I could heartily recommend to anyone in Waterford city in the next two weeks, to call to Central Library in Lady Lane and take a few minutes to view an art project, from which I take this blog title. The Roses from the Heart project is a means of highlighting the plight of thousands of women who were transported to Australia for the most basic crimes. 300 of these women were from Waterford.
Regular readers will know that I recently published a blog on Waterford people
who suffered the penalty of Transportation. The blog dealt in general with the practice, and the specifics of a true Waterford hero Thomas Francis Meagher. But the reason I picked the topic of transportation was because of the Roses from the Heart
. A project that seeks to remember another kind of hero, or rather heroines.
My wife Deena had brought the story home last week following her attendance at the local knitting and crochet group. A member, Alice O’Shea had explained about the project, and how she along with others had taken on the task of decorating a ready made bonnet in memory of the Waterford women that had been sent away. I believe the lady who coordinated in Waterford was Ruth Murray of Heart Creations.
The project is the brainchild of a Tasmanian artist named Christina Henri
. Christina chose the concept of a cloth bonnet, which was a typical garment worn by the women. Through it she hoped to raise an awareness of, and a memorial to, the 25,566 women who were transported.
Alice had made her bonnet to the memory of a 46 year old Waterford woman, Alice Power. Alice was 46 years old, a wife and a mother of 5 children. Her trial was heard in Waterford in 1830 and she was sentenced to transportation for 7 years. Her crime was of receiving a stolen handkerchief. She like the others would have been taken to await a ship at Grangegorman in Dublin, and hence to Dun Laoighre, for the horrific sea journey to the southern colony. She departed on the Hooghly on the 24th June 1831 arriving in New South Wales on the 27th September. According to the record she had at least one other Waterford woman as a companion, Ann Searson. Her crime; vagrancy! Once there she like the others would have been forced to work, and were at the mercy of their employers. When the sentence ended they were free to stay on the Australian continent or leave if they had the means. It would surely be impossible to countenance what Alice or her family experienced from this remove.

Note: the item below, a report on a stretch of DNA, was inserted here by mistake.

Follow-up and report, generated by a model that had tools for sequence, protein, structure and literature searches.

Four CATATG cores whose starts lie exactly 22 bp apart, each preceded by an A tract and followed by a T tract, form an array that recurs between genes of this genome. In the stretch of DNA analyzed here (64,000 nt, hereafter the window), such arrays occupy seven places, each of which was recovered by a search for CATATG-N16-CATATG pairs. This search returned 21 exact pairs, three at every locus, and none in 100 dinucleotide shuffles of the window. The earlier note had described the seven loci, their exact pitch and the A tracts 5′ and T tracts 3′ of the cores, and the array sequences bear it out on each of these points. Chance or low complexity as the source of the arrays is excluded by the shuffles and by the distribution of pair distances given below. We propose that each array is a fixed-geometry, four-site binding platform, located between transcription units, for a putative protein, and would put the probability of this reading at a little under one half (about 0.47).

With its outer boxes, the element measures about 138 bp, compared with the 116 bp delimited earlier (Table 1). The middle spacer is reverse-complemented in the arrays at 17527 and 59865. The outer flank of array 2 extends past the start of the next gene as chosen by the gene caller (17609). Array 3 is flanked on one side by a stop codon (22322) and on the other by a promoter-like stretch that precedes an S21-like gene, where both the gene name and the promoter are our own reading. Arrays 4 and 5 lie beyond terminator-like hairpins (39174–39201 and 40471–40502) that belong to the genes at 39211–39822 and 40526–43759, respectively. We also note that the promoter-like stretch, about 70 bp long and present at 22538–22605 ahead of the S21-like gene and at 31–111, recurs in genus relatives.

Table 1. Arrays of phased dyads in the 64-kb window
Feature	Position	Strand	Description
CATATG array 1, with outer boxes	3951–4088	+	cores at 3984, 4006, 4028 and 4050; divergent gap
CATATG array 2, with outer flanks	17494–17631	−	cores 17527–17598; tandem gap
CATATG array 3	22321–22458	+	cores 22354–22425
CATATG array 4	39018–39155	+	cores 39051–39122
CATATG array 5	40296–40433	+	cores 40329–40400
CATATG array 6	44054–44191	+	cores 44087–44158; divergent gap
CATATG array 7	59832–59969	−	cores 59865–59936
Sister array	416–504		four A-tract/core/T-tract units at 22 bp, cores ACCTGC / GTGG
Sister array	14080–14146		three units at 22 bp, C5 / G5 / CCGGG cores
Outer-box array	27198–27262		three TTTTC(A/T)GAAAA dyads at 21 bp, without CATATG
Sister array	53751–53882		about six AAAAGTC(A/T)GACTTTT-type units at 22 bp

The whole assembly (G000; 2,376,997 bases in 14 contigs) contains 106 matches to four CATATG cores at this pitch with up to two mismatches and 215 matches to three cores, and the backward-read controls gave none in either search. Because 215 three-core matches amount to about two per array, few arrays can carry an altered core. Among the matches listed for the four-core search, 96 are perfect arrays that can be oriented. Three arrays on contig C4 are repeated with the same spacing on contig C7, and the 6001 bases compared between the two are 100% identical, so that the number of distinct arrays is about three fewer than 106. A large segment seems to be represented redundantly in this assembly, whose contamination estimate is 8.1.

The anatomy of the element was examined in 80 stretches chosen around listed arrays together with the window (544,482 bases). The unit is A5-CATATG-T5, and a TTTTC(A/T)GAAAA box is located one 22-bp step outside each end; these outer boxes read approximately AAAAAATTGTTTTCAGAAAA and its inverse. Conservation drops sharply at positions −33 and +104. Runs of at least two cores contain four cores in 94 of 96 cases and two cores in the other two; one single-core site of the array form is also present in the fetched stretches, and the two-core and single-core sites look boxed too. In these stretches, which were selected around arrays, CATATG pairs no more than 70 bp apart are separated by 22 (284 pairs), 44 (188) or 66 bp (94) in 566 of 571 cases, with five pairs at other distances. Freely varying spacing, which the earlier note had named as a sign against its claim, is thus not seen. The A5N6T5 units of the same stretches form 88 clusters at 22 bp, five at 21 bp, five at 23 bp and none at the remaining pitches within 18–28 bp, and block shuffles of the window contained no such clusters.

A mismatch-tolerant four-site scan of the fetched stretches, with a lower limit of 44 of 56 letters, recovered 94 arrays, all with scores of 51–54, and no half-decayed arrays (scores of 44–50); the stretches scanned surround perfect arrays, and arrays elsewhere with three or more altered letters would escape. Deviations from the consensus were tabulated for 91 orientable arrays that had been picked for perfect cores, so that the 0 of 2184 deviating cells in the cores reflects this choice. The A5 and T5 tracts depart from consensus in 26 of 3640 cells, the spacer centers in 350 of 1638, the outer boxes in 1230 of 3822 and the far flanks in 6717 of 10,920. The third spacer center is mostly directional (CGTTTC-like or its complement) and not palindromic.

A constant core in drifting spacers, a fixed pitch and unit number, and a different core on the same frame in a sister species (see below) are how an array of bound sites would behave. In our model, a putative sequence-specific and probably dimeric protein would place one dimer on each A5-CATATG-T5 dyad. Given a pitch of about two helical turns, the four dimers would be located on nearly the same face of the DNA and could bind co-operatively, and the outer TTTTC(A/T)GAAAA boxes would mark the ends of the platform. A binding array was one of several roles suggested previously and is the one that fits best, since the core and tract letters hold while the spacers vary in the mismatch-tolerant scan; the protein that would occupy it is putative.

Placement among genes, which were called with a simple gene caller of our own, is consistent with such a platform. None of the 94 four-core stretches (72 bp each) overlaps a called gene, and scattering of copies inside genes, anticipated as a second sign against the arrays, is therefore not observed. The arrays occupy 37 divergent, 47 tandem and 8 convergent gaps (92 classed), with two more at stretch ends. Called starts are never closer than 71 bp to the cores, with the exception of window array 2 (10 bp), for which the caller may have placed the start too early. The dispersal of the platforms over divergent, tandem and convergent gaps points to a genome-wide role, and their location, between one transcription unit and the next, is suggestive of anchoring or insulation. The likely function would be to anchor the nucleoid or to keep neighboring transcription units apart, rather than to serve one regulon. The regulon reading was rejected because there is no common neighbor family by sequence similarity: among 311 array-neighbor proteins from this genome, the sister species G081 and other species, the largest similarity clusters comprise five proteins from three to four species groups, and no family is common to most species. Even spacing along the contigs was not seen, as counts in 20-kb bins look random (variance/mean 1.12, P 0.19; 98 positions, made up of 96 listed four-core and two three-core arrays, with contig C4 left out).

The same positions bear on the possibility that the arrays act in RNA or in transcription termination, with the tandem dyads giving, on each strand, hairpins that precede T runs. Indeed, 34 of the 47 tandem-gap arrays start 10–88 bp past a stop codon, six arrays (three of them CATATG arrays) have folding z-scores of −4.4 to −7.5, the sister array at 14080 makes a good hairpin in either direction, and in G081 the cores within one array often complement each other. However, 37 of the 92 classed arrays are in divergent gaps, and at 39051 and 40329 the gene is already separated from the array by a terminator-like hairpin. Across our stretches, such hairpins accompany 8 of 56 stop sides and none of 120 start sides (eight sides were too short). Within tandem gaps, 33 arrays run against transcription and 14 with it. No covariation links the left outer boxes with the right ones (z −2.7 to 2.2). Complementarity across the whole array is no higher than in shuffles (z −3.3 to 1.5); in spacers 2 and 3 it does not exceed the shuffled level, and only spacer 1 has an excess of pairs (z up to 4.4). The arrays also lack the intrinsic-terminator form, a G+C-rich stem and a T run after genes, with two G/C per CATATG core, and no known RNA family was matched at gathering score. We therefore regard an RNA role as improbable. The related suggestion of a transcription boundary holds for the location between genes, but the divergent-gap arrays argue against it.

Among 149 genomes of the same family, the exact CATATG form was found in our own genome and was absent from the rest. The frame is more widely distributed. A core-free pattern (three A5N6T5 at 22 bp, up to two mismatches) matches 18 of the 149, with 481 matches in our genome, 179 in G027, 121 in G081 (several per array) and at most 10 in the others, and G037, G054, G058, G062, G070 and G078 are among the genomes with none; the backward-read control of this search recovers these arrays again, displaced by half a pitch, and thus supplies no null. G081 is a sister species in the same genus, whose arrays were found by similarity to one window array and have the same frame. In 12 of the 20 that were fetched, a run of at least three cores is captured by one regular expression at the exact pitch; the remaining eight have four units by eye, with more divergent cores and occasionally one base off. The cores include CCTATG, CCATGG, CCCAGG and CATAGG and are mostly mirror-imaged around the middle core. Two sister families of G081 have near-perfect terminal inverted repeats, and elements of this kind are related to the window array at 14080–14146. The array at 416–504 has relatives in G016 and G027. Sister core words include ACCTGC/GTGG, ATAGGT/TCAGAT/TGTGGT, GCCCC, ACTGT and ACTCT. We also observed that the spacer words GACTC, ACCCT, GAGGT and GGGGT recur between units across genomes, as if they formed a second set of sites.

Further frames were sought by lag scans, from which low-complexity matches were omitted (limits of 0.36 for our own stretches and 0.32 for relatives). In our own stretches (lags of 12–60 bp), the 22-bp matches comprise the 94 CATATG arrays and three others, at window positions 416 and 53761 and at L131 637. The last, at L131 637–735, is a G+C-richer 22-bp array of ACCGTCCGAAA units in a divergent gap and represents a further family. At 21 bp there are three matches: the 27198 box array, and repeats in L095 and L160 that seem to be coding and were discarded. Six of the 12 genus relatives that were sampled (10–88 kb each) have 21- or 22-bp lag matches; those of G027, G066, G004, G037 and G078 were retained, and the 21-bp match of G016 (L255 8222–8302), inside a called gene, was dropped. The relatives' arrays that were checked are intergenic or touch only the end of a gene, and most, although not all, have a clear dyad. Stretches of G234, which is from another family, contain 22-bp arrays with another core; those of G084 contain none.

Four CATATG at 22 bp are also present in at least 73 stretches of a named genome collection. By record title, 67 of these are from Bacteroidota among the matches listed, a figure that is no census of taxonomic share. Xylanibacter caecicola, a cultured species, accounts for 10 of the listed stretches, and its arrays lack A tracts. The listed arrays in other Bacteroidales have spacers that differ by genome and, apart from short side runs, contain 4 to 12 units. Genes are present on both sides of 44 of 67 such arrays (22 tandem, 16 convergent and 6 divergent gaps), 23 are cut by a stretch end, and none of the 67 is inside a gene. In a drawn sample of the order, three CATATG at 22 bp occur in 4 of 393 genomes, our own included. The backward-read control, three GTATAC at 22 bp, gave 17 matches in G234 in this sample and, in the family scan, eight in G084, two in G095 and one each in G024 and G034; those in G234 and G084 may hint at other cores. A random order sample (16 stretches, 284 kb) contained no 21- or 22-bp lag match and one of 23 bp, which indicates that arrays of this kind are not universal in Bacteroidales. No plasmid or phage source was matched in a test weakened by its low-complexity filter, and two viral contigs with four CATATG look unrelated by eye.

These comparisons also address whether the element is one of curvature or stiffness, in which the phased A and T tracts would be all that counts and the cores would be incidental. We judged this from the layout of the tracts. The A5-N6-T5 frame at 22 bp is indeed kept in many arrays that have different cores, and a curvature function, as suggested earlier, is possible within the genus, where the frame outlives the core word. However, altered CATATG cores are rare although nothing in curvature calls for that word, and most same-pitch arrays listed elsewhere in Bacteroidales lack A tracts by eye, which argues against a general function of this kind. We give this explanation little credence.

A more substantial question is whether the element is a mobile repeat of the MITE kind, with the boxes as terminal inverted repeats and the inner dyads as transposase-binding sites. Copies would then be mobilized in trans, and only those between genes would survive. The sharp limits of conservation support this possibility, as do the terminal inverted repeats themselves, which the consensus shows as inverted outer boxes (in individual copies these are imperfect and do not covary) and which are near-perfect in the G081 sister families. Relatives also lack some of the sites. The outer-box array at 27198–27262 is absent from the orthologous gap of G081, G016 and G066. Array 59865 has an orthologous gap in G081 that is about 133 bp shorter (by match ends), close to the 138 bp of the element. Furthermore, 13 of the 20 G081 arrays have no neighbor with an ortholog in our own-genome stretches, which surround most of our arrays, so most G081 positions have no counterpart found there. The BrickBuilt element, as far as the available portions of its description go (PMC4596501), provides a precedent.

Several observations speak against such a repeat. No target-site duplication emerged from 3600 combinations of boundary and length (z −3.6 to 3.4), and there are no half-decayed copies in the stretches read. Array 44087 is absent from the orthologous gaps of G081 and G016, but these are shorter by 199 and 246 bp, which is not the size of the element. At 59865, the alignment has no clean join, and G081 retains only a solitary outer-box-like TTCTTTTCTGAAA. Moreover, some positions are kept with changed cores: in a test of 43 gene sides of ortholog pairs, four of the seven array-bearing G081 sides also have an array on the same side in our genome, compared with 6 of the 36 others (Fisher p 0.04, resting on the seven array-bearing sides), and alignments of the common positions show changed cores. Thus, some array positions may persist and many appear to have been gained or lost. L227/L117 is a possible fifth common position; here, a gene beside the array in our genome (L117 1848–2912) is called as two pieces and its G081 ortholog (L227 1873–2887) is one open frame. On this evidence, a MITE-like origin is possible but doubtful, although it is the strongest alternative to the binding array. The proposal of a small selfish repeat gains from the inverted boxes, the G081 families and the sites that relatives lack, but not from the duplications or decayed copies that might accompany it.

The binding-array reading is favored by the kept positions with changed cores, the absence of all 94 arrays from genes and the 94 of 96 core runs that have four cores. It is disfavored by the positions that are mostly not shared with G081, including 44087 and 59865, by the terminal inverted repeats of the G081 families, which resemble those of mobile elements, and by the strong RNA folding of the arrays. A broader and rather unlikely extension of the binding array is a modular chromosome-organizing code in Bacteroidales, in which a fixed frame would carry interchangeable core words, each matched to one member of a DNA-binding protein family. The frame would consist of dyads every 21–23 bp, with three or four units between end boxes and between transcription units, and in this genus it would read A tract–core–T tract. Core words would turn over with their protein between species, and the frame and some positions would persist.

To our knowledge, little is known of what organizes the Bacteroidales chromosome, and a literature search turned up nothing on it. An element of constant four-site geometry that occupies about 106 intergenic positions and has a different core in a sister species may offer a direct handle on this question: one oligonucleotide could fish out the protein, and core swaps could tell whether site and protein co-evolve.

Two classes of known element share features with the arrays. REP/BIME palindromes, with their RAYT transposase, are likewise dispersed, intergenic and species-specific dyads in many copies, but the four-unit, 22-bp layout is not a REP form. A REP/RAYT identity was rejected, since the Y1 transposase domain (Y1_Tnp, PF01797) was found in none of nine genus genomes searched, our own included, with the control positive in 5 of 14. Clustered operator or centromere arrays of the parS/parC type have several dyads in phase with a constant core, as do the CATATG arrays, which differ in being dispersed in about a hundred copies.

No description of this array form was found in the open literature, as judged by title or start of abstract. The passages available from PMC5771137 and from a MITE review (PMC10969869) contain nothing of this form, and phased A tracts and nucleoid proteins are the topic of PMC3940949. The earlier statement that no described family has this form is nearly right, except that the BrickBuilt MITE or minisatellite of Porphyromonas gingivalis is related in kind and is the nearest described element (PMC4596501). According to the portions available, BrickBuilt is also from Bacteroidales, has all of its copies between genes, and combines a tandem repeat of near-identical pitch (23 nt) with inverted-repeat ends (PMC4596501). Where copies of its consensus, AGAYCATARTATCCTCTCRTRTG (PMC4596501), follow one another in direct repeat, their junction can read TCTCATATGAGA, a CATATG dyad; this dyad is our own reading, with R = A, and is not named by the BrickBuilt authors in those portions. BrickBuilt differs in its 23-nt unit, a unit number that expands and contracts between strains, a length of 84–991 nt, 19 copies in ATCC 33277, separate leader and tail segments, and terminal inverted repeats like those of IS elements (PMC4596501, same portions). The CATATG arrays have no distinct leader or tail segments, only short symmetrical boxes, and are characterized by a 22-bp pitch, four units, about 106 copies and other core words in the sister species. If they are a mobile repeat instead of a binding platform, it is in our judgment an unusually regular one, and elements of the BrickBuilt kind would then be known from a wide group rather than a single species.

Christina’s current project is called “Bringing the Roses home to Ireland” and there are currently 60 bonnets on display in Central Library. There is also a list of all those from Waterford who were sent away. So if you have an interest in history or fascinating art installations, consider making it along to the library in the next few weeks. I believe Christina will be talking at the Granville Hotel
about the project on Thursday March 14th. Also on show is a fascinating exhibition curated by Ann Fitzgerald of the Waterford Women’s Centre
and Andy Kelly on famous Waterford Women. This is to celebrate International Women’s Day
All told both displays represent a celebration of many incredible women, some famous, some less so, but all deserving to be acknowledged and remembered.
Update: Dr Christina Henri from the Cascades Female Factory Historic Site in Hobart, Tasmania, Australia tells their story Wednesday 15th March 2017 at the Town Hall Theatre, Dungarvan. 8pm. Admission: €5
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